"Remember those news clips of the Beatles landing in the US in '64--the crowds going crazy, jumping up and down?" This is the question Alpha Daughter poses to Paterfamilias. It is also her report on the reception I received when I arrived in Berlin a few weeks ago to visit her and her family. My Grand--her 8-year-old daughter--was jumping up and down and shouting cheers of welcome when I was spotted coming into the international baggage claim area--separated from the waiting crowd by a huge glass wall.
There's April in Paris (chestnuts in blossom), and then there's February in Berlin (Lindens without leaves). It may not have the same zing to it, but I'll take Berlin. When your grown child and her family live in a city far from you--even if it's only for a year--that city can be infused with warmth and joy. It wasn't just the immediate reception. It lasted throughout the week-long visit. The pleasure of the visit was blending into their day to day lives--meeting Frau Shroeder [my Grand's teacher], taking my Grandpup and Grand for walks around Lake Schlachtensee to feed the ducks, riding the S-Bahn train through the Grunewald forest, having coffee at a cafe in Zohlendorf, meeting my daughter's friends and colleagues. One day we were a little more ambitious and tried to see the Collection of Classical Antiquities at the Pergamon Museum, but the line was so long on a Saturday afternoon--even though this is not tourist season--that we had to give up on it.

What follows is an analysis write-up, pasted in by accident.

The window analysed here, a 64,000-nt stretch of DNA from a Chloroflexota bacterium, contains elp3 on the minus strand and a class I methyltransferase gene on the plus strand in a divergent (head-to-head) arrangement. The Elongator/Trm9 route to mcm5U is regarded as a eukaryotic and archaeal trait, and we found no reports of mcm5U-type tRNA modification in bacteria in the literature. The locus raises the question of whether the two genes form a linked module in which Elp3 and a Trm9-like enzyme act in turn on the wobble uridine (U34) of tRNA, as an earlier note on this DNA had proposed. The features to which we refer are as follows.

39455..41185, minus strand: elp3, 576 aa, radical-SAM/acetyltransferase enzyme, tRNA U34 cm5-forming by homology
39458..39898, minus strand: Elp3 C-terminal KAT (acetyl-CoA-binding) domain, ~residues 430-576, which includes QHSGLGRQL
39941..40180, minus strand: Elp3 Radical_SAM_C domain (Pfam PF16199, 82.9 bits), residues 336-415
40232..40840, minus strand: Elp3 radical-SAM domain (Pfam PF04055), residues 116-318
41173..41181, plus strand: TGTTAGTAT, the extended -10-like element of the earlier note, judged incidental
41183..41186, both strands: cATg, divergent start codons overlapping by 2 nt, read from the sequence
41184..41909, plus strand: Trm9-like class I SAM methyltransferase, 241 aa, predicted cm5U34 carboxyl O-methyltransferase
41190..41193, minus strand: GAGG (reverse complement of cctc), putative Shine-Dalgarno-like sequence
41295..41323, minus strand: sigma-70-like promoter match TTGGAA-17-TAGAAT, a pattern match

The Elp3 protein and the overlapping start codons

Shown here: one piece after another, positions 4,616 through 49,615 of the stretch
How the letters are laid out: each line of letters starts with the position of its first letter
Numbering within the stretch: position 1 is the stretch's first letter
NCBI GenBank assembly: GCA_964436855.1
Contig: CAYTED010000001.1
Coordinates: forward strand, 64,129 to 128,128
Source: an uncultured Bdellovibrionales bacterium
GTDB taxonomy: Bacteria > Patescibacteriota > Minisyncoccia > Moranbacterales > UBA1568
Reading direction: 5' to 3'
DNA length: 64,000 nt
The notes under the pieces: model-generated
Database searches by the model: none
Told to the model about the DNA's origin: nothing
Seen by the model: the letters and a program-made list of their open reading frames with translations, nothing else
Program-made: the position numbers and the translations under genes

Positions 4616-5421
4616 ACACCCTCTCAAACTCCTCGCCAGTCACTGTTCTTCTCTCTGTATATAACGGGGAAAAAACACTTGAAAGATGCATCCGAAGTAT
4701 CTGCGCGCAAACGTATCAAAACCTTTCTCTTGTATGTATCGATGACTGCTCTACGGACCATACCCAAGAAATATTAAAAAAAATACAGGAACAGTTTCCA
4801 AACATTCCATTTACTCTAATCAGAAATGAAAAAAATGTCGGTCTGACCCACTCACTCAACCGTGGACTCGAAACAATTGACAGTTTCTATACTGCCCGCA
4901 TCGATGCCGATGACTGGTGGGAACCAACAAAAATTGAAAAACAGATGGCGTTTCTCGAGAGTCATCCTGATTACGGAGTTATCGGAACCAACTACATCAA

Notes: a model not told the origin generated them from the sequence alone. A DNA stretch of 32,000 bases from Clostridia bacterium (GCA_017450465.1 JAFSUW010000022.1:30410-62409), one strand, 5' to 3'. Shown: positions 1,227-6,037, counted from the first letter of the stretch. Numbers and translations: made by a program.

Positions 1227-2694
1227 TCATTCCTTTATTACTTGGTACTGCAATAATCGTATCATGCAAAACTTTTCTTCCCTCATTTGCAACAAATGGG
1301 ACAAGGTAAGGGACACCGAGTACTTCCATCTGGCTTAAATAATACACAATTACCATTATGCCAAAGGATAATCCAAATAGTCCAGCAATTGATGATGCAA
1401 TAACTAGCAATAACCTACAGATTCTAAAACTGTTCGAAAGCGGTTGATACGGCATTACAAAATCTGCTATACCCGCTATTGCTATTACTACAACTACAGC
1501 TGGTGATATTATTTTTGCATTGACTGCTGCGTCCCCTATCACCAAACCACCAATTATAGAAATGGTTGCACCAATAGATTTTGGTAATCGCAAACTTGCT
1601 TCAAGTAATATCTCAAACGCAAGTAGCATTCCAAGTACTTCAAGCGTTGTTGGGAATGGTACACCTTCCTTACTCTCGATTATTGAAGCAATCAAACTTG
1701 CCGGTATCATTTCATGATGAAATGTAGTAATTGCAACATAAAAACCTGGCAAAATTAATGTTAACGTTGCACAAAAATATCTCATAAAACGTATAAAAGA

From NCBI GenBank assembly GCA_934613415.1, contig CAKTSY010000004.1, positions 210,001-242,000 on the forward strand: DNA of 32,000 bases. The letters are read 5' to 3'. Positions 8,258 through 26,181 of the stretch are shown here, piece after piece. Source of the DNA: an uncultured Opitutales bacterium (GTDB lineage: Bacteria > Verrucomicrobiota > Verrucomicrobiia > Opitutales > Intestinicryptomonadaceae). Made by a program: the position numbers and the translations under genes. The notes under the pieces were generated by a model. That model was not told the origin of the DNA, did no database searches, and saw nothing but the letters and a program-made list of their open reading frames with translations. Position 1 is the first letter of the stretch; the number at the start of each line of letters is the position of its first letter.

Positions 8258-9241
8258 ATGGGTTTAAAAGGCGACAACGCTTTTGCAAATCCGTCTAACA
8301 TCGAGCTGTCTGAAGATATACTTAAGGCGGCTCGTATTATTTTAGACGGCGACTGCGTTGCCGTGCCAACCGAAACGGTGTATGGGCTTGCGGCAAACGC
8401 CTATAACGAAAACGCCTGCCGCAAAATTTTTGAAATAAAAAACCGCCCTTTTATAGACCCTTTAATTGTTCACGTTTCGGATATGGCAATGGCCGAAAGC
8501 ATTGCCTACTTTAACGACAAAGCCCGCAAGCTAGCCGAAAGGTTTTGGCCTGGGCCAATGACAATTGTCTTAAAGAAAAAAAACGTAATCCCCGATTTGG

And then the week was up, and it was time to go home. Berlin may be gray and chilly in February but I remember it for the warm tug of being pulled into the life of my grown child and her family. I don't think I've ever felt quite so wanted--and appreciated for making the trek. Grown children are independent adults leading lives on their own course. But sometimes they need us.